There are poisoners, serial killers, kidnappers, torturers, and rapists. Some were mentally ill, making me wonder if psychological intervention could have prevented their crimes. I was shocked by the number of criminal and accidental deaths due to poison in the Victorian era, a time when there was no control over sales and people needed affordable ways to control vermin.

The stories are presented chronologically, starting with the late 1700’s and ending with 1961. While I enjoyed these snippets, I prefer the author’s full-length books that go into much greater detail.

Thursday, December 14, 2017


Mystic (Nightblade Epic #2)Mystic by Garrett Robinson
My rating: 2 of 5 stars

The Mystic Jordel is in search for the fugitive wizard Xain. Jordel will only say he needs Xain for a fight that's coming, but nothing more. Loren seeks to find Annis and resume her life of adventure.

Mystic is a book about running away. People are chasing Loren constantly and she uses a carriage, her feet, a boat, and horses to run away...for nearly the entire book. If Loren isn't running away she's making plans to run away.

When Loren isn't running away or planning to run away she's making terrible choices. I don't know that any character in any book has survived so long after making so many terrible choices. Granted she was slightly smarter than she was in the first book, but that was the most horrible display of decision making I ever witnessed.

I'd like to say there were good points, but they were rather obvious. The magestones come into play and shortly afterward it's apparent what the result will be. A new piece of information about Loren's dagger is learned, but it felt mostly irrelevant.

The story in Mystic and the first book of the series has no actual plot. The only thing it seems the characters have done is run away. There are a few quick moments where other things happen, but they are quickly replaced by the characters running away some more.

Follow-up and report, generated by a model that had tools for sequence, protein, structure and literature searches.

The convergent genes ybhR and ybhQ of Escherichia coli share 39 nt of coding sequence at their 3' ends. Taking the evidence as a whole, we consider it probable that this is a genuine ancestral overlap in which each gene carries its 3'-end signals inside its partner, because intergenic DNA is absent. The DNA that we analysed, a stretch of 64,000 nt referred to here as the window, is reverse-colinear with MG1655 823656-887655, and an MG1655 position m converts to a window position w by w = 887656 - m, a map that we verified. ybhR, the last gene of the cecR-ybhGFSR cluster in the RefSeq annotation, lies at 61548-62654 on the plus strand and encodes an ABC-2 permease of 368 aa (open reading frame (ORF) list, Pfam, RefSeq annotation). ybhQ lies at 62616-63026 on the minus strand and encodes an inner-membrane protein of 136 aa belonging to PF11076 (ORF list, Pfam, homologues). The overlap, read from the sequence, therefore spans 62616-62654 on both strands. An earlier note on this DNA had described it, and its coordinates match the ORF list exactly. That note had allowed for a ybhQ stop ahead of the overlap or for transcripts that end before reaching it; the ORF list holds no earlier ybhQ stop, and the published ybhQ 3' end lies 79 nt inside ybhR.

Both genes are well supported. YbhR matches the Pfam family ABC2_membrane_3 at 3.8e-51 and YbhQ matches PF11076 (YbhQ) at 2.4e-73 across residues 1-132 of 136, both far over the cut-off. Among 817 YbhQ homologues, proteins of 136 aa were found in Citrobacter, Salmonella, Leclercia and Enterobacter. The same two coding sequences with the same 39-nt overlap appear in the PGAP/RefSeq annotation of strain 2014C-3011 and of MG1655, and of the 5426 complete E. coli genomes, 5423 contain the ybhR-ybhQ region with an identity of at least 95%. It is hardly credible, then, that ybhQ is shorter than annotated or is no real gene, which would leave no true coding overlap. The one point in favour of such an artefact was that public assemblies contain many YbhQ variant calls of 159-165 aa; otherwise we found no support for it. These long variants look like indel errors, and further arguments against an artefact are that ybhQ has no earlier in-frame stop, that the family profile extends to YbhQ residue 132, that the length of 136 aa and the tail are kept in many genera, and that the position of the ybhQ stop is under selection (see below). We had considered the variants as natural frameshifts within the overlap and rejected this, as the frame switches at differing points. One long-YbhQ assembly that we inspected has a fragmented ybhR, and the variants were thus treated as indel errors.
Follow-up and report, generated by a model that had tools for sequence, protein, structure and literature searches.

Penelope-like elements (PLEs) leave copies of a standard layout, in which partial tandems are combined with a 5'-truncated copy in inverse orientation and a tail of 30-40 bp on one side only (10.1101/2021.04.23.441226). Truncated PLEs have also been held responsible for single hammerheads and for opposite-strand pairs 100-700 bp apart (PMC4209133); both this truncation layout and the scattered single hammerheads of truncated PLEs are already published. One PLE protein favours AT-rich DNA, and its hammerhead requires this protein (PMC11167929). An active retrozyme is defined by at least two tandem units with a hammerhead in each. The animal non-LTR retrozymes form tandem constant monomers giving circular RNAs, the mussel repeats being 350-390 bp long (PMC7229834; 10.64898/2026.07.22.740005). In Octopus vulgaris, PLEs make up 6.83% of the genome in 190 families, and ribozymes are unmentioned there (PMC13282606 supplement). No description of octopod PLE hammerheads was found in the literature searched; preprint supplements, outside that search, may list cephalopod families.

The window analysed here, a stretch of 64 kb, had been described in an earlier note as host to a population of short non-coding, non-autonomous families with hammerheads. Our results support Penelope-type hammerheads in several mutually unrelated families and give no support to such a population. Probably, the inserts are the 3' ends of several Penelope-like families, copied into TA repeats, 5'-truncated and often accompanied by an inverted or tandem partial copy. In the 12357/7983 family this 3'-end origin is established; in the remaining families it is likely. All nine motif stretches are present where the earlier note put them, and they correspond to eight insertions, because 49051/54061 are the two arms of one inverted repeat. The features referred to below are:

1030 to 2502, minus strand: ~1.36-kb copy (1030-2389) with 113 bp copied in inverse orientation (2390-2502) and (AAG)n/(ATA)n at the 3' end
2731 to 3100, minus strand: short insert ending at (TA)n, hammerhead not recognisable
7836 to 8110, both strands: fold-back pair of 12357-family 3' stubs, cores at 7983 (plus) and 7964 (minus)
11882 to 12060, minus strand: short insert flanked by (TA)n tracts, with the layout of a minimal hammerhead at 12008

Perhaps the biggest head scratching part of the story is that for some reason all of the main characters look to Loren for advice. Loren the bad decision maker born in a back water little town most haven't heard of is looked to for guidance from everyone. I'll grant that she has skill with stealth and lying, but outside of that she needs to sit down, be quiet, and be glad they let her come along.

Mystic and the series as a whole are just not for me.

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Wednesday, December 13, 2017


Richard Nixon: The LifeRichard Nixon: The Life by John A. Farrell
My rating: 5 of 5 stars

”The president ‘was an almost completely political animal. He was neither moral nor immoral, but was amoral,’ said Farmer, the civil rights leader….’I don’t think right or wrong entered into it.’

‘Nixon would have been recorded as being a very great president had it not been for the fatal character flaw,’ said Farmer. ‘He did not believe in anything.’”

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I can remember in 1994 when Richard Nixon died that one of my friends, who has been an unrepentant hippy her whole life, said she was going to the Nixon funeral, but only if it was an open casket. She wanted to make sure the SOB was really dead. Nixon certainly inspired this level of animosity, not only in political enemies, but the numerous personal enemies he made over the years for being...well...a dick.

”’When you got into a campaign, especially with a guy like Nixon whose guts we hated, it was easy to get combative. You’re not running against a nice guy. You’re running against a first-class son of a bitch.’”

I didn’t know much about Nixon’s early days in California. John A. Farrell gives some background. The deaths of several members of his family seemed to have a lifetime impact on Nixon. I was more interested in what kind of man he was after he got back from service in WWII. I thought maybe I would see the progression of a brash, idealistic, young man who eventually evolved into the brooding, wounded Darth Vader who resigned in 1974. His opponents, from Jerry Voorhis for the 1946 House seat to the ‘pink lady’ Helen Gahagan Douglas in 1950 for the Senate seat, were both completely unprepared to face the type of tactics that Nixon was willing to unleash. Winning was everything. There was no sense of decorum in a Nixon campaign. There was no progression, Nixon was as ruthless at the beginning of his career as he was at the end of his career.